NCAA Tournament 2012 means distracted workers. What's an employer to do?

The first two days of NCAA Tournament 2012 mean productivity losses worth $175 million, by one estimate. Some employers grin and bear it, while others warn workers against watching on the sly.

Dave Martin/AP
Vanderbilt fans cheer during the second half of an NCAA college basketball game in the championship game of the 2012 Southeastern Conference tournament at the New Orleans Arena in New Orleans, Sunday, March 11.

North Carolina State alum Jason Philbeck knows what he will be doing Friday afternoon: taking that time off from work to watch his team play San Diego State University as part of NCAA Tournament 2012.

“This is the first time in six years they are back in the tournament,” says Mr. Philbeck who plans to head for a sports bar with some friends. “You have to take the opportunity to cheer them on.”

Mr. Philbeck, who works for the Greater Raleigh Convention and Visitors Bureau, is part of a big crowd.

As March Madness kicks off Tuesday with Western Kentucky playing Mississippi Valley State University, millions of fans will be trying to figure out ways they can watch their teams and still keep their employers happy. According some employment specialists, the next two or three weeks often rank low for productivity, as employees either keep one eye on the scoreboard or just try to cope with less sleep. Even leading up to the second round, which starts Thursday, many employees spend a lot of company time “researching” teams to compete in their office pools or in "bracketology" showdowns online.

“I can’t think of an external event that draws more people’s attention during the workday like the NCAA Tournament does in the US,” says John Challenger, CEO of Challenger, Gray & Christmas, a Chicago-based outplacement firm. “The Super Bowl, the Olympics don’t compare to this.”

The ubiquitous YouTube.com even has a video on how to watch March Madness at work without getting caught. One tip: Schedule early-morning meetings to free up basketball time in the afternoon. “Just remember to keep a low profile,” it warns.

Online viewing of March Madness could add up to more than 2.5 million unique visitors a day, each spending an average of 90 minutes watching games, Mr. Challenger estimates, using last year's numbers as a guide. In 2011, 20 percent of all workers, or some 30 million Americans, participated in an office pool to pick the Final Four, according to Harris Interactive. Challenger, partly tongue-in-cheek, estimates that workers distracted by March Madness will cost employers about $175 million in work left undone, over just the first two days of the tournament.

One reason Challenger's calculation might be on the conservative side is the shift in technology. Five years ago, most office workers could watch games only on television or perhaps on their desktop computers. Today, workers can use their smart phones to monitor scores or even to watch live streaming video, if they subscribe to that. 

To try to rein in the office hoops mania, some companies are installing software that blocks sites such as ESPN.go.com or CBSsports.com. However, that is effective only for a company's own computer system, not for employee-owned smart phones.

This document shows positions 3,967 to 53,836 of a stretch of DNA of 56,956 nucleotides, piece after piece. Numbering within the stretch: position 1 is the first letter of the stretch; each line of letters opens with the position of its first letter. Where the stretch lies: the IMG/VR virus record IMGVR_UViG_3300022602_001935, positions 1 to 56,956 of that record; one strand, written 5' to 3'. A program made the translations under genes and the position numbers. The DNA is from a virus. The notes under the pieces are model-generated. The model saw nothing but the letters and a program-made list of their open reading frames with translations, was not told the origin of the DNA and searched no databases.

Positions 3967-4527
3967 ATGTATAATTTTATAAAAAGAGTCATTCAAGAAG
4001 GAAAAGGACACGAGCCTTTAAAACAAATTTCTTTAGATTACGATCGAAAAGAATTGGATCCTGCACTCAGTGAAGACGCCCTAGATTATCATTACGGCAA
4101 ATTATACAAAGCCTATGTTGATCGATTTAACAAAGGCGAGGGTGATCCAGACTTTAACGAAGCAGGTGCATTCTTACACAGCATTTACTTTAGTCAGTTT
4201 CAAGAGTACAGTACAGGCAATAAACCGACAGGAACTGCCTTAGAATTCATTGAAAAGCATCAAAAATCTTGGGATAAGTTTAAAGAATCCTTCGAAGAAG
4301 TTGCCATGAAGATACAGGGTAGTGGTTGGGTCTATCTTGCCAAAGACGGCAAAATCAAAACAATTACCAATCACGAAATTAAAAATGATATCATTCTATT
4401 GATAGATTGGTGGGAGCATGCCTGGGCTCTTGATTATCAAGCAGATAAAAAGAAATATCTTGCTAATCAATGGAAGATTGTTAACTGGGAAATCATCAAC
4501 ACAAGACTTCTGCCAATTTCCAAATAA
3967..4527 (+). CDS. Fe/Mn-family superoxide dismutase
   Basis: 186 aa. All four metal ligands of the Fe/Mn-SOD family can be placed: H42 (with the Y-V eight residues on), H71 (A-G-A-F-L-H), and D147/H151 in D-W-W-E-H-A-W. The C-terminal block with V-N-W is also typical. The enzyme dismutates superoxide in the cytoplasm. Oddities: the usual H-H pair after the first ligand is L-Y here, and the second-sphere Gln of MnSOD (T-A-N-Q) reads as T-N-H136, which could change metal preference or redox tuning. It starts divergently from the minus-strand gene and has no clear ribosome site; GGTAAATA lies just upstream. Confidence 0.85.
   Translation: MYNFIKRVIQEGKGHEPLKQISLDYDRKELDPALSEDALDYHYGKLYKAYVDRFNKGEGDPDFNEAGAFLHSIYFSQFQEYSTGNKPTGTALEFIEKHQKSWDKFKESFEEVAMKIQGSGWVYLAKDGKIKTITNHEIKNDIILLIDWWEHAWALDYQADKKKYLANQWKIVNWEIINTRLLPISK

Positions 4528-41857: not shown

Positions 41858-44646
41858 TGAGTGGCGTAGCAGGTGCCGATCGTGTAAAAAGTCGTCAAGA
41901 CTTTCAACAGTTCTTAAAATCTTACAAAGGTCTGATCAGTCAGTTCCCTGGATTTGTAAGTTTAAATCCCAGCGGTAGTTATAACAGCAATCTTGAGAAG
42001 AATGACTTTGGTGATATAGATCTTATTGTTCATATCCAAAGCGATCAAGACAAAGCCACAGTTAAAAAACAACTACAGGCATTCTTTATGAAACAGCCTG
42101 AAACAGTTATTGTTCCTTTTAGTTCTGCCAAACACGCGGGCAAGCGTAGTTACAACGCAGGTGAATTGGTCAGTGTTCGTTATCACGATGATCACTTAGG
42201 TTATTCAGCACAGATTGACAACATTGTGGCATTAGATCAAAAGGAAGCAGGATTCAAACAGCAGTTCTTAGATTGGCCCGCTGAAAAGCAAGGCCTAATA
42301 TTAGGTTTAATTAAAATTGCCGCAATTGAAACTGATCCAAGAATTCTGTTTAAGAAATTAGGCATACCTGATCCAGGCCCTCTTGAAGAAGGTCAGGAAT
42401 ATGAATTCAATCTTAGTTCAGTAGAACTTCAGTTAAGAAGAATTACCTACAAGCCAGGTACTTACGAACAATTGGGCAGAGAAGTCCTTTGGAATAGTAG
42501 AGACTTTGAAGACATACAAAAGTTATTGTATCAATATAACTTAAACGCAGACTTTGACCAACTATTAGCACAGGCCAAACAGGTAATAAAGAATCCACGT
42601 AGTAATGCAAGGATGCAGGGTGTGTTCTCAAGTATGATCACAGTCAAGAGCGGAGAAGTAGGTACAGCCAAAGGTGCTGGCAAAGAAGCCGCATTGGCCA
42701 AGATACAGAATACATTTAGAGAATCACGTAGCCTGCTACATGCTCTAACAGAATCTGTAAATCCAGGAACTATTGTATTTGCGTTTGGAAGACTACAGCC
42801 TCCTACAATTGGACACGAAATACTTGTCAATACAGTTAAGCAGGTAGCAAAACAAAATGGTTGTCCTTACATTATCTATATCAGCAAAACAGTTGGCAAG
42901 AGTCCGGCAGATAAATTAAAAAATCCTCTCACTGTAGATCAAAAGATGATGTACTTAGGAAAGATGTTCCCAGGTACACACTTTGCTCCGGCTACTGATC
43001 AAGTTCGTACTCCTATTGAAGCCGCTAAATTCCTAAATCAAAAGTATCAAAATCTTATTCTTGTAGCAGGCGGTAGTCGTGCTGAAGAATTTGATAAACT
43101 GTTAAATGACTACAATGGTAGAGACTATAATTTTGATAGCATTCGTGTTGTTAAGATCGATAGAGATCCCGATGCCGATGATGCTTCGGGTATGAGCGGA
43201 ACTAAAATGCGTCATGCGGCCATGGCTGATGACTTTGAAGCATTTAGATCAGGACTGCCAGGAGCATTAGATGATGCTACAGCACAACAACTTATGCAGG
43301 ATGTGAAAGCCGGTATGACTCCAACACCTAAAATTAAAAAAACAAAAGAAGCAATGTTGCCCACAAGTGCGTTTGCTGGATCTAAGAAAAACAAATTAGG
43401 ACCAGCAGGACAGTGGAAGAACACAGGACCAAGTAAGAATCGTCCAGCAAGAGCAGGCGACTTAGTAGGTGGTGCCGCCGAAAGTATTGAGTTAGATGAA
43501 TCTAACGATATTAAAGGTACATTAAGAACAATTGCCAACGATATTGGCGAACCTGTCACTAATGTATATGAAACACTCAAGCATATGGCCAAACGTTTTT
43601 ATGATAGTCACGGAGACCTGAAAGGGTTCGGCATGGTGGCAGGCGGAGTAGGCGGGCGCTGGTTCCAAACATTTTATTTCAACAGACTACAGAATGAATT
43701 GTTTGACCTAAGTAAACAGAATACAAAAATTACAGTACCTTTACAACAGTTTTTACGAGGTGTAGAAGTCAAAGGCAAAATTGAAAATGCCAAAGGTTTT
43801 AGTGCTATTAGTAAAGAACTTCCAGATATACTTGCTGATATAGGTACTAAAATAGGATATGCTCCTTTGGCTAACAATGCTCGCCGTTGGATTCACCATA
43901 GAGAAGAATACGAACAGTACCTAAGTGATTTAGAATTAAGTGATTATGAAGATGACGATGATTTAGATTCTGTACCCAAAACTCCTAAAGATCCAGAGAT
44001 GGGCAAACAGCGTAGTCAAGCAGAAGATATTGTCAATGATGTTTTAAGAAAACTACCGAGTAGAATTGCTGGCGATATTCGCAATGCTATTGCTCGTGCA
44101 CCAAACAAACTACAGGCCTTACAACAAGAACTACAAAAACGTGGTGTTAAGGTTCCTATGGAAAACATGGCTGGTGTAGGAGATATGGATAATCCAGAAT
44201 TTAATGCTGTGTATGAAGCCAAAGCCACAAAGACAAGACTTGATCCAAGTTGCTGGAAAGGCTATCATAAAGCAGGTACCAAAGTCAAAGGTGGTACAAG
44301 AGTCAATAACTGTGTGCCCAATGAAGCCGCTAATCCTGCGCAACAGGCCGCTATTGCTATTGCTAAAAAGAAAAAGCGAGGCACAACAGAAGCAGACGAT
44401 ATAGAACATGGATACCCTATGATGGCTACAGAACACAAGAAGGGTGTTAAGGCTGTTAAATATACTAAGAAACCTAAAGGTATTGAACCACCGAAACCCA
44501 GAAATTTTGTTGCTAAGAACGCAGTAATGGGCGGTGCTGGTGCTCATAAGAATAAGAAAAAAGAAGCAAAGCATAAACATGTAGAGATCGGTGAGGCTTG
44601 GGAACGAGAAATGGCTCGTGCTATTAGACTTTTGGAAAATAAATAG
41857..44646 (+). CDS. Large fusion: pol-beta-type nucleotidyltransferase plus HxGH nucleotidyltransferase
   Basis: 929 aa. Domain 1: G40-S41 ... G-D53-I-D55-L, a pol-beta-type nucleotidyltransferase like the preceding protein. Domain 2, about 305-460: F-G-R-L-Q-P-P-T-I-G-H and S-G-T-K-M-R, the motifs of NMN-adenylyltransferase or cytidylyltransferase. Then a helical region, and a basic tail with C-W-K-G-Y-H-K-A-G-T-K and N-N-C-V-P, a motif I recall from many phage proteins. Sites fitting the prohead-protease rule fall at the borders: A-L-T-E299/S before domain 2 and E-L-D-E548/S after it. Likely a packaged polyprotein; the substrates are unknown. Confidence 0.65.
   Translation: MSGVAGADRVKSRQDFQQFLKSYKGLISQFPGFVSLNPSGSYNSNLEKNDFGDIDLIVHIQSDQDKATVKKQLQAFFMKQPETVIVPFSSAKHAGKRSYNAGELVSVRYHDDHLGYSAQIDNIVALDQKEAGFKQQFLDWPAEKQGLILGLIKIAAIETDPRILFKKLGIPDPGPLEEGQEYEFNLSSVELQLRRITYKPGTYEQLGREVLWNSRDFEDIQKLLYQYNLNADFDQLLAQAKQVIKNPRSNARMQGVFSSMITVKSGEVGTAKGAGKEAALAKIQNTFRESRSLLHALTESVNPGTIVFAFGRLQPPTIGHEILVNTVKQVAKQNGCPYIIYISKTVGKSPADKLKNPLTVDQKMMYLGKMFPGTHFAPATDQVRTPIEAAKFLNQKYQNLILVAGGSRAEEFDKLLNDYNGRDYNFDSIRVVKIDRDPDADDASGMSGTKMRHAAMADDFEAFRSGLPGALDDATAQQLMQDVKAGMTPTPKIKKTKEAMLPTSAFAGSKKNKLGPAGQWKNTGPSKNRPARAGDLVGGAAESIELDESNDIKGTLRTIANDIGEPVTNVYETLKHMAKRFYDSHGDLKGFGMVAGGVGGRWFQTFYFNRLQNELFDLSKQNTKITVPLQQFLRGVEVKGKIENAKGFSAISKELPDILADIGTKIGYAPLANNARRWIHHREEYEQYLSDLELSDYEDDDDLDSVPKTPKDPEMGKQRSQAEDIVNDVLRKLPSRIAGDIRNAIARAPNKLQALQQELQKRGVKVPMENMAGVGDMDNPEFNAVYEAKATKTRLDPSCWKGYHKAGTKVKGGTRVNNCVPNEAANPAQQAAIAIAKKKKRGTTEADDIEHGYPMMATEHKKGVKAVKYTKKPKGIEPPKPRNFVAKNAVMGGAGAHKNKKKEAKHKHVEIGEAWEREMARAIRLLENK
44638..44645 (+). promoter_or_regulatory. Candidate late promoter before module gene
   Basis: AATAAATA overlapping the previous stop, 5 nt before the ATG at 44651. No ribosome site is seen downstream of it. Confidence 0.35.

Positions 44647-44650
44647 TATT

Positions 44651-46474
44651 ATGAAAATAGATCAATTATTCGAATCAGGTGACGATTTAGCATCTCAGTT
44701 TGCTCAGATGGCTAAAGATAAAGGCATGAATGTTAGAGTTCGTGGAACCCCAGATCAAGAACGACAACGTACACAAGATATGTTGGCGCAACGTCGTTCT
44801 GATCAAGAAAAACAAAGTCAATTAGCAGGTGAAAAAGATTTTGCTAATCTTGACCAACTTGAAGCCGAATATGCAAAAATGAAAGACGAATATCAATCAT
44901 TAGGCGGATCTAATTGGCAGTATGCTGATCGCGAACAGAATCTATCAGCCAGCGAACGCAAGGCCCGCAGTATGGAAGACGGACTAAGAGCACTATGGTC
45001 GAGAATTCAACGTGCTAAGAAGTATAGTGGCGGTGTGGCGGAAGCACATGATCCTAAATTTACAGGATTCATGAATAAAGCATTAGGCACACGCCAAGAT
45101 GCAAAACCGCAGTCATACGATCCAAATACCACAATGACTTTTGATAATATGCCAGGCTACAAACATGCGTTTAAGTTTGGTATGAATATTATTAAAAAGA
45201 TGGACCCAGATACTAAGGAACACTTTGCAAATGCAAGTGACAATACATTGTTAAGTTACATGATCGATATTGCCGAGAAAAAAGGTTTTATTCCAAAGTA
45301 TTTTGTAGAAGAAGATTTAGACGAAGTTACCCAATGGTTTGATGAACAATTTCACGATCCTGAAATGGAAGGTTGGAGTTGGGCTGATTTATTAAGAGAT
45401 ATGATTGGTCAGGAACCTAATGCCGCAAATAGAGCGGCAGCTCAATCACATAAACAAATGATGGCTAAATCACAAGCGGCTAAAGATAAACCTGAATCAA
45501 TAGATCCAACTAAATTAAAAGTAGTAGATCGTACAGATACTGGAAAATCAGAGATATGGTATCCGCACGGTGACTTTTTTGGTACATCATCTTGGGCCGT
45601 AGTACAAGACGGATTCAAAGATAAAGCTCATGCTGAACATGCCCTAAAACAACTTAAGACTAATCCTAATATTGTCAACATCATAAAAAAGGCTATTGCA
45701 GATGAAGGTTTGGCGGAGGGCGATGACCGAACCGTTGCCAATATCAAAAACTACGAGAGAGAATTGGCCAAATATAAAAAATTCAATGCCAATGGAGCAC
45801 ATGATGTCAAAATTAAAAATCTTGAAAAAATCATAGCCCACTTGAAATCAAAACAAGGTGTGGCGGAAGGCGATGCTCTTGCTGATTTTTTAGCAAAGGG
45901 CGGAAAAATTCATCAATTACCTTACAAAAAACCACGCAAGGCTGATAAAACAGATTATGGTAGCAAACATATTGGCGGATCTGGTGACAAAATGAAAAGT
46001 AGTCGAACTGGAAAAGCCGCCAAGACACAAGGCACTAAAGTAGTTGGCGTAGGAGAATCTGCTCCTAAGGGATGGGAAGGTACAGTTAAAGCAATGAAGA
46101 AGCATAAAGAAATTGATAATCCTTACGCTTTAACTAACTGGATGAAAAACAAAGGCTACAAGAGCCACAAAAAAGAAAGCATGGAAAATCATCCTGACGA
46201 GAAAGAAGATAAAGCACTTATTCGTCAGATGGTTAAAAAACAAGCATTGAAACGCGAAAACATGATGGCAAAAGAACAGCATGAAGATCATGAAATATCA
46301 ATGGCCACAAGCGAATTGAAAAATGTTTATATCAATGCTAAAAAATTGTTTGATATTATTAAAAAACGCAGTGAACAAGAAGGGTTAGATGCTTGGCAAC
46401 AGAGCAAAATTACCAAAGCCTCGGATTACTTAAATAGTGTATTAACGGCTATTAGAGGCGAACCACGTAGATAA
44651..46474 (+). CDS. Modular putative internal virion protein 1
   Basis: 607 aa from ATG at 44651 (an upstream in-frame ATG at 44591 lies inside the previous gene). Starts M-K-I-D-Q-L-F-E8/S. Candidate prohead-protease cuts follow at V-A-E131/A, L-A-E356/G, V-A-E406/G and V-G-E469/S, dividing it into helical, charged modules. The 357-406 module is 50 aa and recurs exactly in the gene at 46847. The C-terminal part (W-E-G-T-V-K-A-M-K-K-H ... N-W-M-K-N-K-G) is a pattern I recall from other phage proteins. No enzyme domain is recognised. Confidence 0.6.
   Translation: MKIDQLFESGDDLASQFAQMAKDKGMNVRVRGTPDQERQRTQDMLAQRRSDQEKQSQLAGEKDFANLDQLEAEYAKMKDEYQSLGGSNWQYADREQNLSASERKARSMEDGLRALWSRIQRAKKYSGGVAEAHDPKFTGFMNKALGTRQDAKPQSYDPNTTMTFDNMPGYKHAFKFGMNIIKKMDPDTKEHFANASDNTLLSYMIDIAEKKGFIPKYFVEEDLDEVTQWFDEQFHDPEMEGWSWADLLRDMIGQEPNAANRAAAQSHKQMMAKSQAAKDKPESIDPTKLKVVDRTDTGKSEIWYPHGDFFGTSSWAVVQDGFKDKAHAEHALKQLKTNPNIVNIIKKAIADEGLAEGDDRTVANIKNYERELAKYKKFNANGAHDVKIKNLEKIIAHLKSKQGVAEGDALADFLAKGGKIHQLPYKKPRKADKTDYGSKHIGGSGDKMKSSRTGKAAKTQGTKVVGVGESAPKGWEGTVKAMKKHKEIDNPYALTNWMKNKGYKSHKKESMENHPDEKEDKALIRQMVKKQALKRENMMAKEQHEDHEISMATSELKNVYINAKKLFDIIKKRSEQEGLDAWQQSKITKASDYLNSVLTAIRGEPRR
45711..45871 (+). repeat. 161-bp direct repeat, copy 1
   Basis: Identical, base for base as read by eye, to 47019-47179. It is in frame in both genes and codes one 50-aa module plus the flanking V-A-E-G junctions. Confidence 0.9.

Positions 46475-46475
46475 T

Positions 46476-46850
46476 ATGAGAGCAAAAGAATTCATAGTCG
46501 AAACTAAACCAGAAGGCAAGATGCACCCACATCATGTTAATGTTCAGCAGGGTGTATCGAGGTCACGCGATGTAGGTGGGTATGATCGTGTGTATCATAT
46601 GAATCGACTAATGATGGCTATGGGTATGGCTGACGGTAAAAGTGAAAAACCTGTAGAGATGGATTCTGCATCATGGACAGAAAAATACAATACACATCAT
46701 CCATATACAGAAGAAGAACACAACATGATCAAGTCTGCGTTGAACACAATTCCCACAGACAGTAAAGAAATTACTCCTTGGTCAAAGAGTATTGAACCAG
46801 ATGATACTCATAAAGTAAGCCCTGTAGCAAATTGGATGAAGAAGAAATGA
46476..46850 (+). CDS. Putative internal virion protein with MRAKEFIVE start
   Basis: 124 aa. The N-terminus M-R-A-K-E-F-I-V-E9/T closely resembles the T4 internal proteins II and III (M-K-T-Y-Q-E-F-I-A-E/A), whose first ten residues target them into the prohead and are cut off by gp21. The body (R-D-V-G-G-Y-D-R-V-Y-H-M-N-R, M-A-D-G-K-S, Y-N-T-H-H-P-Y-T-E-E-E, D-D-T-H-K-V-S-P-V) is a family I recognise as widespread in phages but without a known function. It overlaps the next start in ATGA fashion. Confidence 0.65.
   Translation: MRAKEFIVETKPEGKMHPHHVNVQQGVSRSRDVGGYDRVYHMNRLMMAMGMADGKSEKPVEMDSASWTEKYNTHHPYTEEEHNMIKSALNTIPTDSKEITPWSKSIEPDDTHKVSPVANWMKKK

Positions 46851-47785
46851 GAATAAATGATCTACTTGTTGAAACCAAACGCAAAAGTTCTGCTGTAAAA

Instead, some employers warn their workers against getting distracted by the tournament during the day. That’s the case at Re/Max in Plano, Texas, where Keith Dobbs, owner of the busy franchise, says employees can watch games on lunch break but not during work hours. “Not on my nickel,” says Mr. Dobbs, who has graduates of the University of Texas and Baylor (both in the tournament) working in his office. “That’s what they make DVRs for.”

Some productivity experts, however, question whether that’s the right approach. “You have to treat employees like adults,” says Andre Angel, chairman of WorkMeter Inc. in Dallas, which makes software to improve productivity. “If you oppress them, they will just look for another job.”

Mr. Angel takes the optimistic approach that employees will want to make up for work time spent on things other than work. “Honestly, they will come up to the challenge,” he says.

Some managers say the games actually help corporate departments to bond. “You talk to people you might not talk to,” says Jeff Lenard, who works for a large association in Washington and who went to grad school at Syracuse University. “You learn where people went to college, and you get to talk up your team.” 

The widespread involvement of Americans in office pools is one big reason March Madness is so pervasive, he says. “Last year, I went to the Old Dominion against Butler game,” Mr. Lenard recalls. “The game was won at the buzzer [by Butler], but everyone else was watching another game at the same time on some kind of hand-held device so they could see how their picks were doing.”

Some employees acknowledge being “creative” when it comes to viewing games during March Madness.

For example, Dallas lawyer Michael Kim is a big University of Texas fan. For those pesky games that take place during the day, the litigator prefers to take a late lunch so he can watch the second half of a game during his normal lunch time. “By then I know if it’s a close game,” he says.

And if the game stretches past lunch hour or goes into overtime? He has a plan.  

“I might forget where my keys are,” he jokes.

Kim sees one major downside to getting deeply involved in the games while at work. “If your team loses, then it creates a somber mood for the rest of the afternoon,” he says with a laugh. “That will kill your productivity.”

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